NATIONAL BUREAU OF ECONOMIC RESEARCH
NATIONAL BUREAU OF ECONOMIC RESEARCH

The Antebellum "Surge" in Skill Differentials One More Time: New Evidence

Robert A. Margo, Georgia C. Villaflor

NBER Working Paper No. 1758
Issued in October 1985
NBER Program(s):Development of the American Economy

Changes in the skill differential are often used by economic historians to proxy changes in income inequality. According to Jeffrey Williamson and Peter Lindert, American skill differentials rose sharply between 1820 and 1860, which they interpret as increasing income inequality. Using a large, new sample of wage rates drawn from military records, we find no evidence of an aggregate "surge" in antebellum skill differentials. We do find, however, that skill differentials on the frontier rose relative to levels in settled areas. We show how a reduction in the costs of migrating from old to new regions can explain this finding.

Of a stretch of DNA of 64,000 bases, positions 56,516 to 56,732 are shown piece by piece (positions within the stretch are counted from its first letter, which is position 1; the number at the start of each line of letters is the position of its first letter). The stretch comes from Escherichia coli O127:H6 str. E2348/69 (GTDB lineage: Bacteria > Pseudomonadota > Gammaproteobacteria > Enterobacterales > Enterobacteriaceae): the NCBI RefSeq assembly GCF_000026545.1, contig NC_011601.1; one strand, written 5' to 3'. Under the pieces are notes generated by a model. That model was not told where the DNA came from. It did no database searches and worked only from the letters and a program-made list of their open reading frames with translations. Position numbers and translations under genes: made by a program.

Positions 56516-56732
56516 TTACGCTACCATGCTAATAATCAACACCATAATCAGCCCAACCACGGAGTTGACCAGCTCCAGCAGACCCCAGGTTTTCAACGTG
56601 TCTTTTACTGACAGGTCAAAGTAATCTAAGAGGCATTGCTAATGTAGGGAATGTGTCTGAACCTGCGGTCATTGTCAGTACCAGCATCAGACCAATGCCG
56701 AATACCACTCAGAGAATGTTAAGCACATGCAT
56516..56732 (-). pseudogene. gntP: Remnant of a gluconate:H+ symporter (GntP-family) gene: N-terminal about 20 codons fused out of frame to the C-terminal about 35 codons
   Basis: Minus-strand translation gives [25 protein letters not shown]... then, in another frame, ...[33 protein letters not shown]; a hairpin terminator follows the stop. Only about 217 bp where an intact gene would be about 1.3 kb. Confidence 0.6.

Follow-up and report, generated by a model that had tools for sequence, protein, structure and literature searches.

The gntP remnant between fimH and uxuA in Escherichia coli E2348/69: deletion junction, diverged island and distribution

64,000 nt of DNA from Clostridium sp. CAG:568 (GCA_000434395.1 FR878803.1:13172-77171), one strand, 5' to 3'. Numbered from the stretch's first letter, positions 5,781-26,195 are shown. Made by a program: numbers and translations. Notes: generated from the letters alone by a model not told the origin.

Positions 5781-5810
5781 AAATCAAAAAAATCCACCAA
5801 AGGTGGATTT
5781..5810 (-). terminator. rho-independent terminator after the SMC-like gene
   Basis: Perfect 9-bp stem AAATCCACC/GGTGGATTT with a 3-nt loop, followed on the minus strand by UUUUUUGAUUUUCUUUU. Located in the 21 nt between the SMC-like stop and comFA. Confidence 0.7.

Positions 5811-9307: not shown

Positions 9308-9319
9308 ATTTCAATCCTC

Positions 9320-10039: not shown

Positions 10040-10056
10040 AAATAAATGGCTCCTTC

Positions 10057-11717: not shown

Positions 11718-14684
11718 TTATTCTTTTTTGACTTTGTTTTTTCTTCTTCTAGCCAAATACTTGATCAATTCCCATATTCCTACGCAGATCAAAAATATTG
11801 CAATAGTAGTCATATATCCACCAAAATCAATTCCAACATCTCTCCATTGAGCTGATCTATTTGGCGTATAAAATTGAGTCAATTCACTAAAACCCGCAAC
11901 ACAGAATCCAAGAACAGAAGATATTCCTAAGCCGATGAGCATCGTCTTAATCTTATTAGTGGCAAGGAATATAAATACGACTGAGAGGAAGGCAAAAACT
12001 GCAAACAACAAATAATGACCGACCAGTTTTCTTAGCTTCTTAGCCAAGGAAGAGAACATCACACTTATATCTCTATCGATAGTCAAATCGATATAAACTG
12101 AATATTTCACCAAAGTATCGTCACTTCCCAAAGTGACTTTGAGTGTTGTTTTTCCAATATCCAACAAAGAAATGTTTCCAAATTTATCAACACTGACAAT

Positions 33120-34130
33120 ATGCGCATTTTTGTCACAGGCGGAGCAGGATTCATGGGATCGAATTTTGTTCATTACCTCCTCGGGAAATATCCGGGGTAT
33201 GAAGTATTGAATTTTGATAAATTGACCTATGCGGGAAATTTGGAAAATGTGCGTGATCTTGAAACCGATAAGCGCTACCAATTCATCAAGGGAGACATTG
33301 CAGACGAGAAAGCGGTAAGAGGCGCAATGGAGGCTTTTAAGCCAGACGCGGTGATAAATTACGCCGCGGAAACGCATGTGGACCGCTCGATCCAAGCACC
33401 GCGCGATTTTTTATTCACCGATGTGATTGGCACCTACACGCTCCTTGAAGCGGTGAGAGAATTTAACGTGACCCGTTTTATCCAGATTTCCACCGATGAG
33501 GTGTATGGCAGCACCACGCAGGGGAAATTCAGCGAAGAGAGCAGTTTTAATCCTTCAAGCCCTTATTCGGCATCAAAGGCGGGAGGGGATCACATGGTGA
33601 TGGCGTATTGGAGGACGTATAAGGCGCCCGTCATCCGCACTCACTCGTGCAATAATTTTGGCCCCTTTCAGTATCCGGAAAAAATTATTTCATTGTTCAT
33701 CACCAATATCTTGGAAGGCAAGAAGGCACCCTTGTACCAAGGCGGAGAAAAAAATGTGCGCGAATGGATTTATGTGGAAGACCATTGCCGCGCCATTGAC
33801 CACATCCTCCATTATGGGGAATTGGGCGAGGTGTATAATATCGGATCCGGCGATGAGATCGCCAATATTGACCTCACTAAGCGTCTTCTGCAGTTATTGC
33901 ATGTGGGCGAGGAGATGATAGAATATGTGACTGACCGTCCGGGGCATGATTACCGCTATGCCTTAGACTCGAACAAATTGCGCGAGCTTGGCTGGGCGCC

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Document Object Identifier (DOI): 10.3386/w1758

Published: Margo, Robert and Georgia Villaflor. "The Growth of Wages in Antebellum America: New Evidence," Vol. 47, No. 4, December 1987.

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